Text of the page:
Tulliniemi is a multifunctional area with plenty to see: a nature reserve, the southernmost tip of Finland, a pilot station for ships, a coastguard station, and a beach fit for swimming. It also has a historical women’s penal colony offering even more intrigue and mystery to the area.
Pebble beach and penal colony
The exciting Tulliniemi area starts with a lovely and open pebble beach stretching as far as the eye can see. Heath forest with conifers and shrubs lines the other side of the track with waves hitting the rocks on the other side.
Until 2014, there was no way of getting to the Tulliniemi area by foot because the large container port in the area blocked any access to the nature reserve until then. This turned out to be a blessing to archaeologists because Tulliniemi has been important in many different times: it has been occupied by the armed forces of the Soviet Union and Germany during different times of WWII, and there was also a women’s work camp or penal colony in 1947-1963 as well. If Tulliniemi had been accessible, proof that has recently been dug up of these events could have been lost.
The remnants of houses used by the Germans as well as the women’s work camp can still be seen through the woods, eerily peeking from behind the branches.
Uddskatan nature reserve
The Tulliniemi area has a nature reserve called Uddskatan created in 1990 as an area to protect migratory birds in Southern Finland. However, the waters surrounding Uddskatan were preserved already in 1933, and later the special sandy beaches and flora were later added.
Because the entire area is protected, you are only allowed to walk on the marked paths. Please respect this. Once you get to the beach and to the rocks, you are a bit more free but as mentioned before, the main reason for this nature reserve is to protect the migratory birds which rest and even nest in Tulliniemi. So, you are welcome to plop down on the billowy seaside cliffs as long as you make sure you don’t disturb the fauna.
Address: Pohjoinen Pallbontie 1, 10940 Hanko. Just next to this address is a carpark where you can park your car or your bikes there for the time you spend. The Tulliniemi road continues to a dockyard and some industrial buildings but don’t worry – the nature path is close by!
How to get there: You can get to Hankoniemi by car, by bicycle or by bus.
- Car: Tulliniemen pysäköintialue is the carpark closest to the start of the path.
- Bicycle: The bicycle routes follow closely to the car route. The cycling route is basically the same road cars use so please take care.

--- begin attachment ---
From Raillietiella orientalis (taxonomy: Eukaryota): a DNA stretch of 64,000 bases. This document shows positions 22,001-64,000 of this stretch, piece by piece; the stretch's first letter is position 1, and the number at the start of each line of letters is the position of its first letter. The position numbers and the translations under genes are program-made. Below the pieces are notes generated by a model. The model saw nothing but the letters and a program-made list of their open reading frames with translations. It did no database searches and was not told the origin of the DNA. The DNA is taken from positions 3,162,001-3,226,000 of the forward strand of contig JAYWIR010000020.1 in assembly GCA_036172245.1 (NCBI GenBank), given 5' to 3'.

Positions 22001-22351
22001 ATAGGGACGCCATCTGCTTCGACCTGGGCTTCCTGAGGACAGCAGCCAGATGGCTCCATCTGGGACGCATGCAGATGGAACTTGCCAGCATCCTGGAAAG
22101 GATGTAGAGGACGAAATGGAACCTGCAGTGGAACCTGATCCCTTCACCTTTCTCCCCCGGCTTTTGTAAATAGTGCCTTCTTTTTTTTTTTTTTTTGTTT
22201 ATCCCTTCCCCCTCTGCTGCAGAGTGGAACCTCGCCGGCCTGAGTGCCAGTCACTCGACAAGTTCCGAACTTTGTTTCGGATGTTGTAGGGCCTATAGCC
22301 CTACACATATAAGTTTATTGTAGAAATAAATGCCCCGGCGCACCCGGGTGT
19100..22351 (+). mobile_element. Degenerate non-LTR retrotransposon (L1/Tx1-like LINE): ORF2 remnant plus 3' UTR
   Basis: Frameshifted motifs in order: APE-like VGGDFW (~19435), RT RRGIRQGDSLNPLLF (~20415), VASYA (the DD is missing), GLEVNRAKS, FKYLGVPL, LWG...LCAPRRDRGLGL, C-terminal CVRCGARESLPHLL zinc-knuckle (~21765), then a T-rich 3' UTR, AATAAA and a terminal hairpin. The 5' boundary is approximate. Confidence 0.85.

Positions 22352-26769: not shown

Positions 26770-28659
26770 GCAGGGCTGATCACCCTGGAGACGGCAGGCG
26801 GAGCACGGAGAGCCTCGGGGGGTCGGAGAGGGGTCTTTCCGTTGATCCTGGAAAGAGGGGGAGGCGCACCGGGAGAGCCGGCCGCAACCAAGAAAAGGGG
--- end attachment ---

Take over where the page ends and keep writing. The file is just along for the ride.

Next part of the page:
- Public transport: The best way to get to Hanko town is by train and by bus. The travel time on public transport is about 3.5 hours total from Helsinki. There is about a 2.5km walk from the Hanko train station to Tulliniemi. Check out ideas via the Routeplanner and e.g. the Matkahuolto bus service (Google Maps doesn’t show you all options so check out a few).
Accessibility: Especially the main paths at Tulliniemi support wheelchairs and children’s buggies. However, there are some places that aren’t very accessible and require careful attention especially with children due to the closeness of the sea. Note that many of smaller paths run on the natural forest floor as well as bedrock with moss, branches, and rocks.
When to go: You can visit the area at any time of the year – the views are great no matter what time of the year. You can visit the park during snowy or wintery seasons but make sure you are careful because there is no winter upkeep (no snow removal) and a lot of the more tricky areas can be hidden by snow. You don’t want to slip and injure yourself (or worse) on the slippery beach cliffs. Also note that there are no lights in the area so make sure you visit the area when there is enough light or have a flashlight with you.
What to wear: Outside the snowy season, normal sneakers will suffice as long as they have a good grip on them. Mosquito repellent in the summer is always a good idea even though being next to the sea and near open seas, Tulliniemi is also windier than usual so make sure you have enough clothes on even when it’s hot.
Things to see near by
Since you’re here, also check out the giant’s cauldrons at Kappelisatama.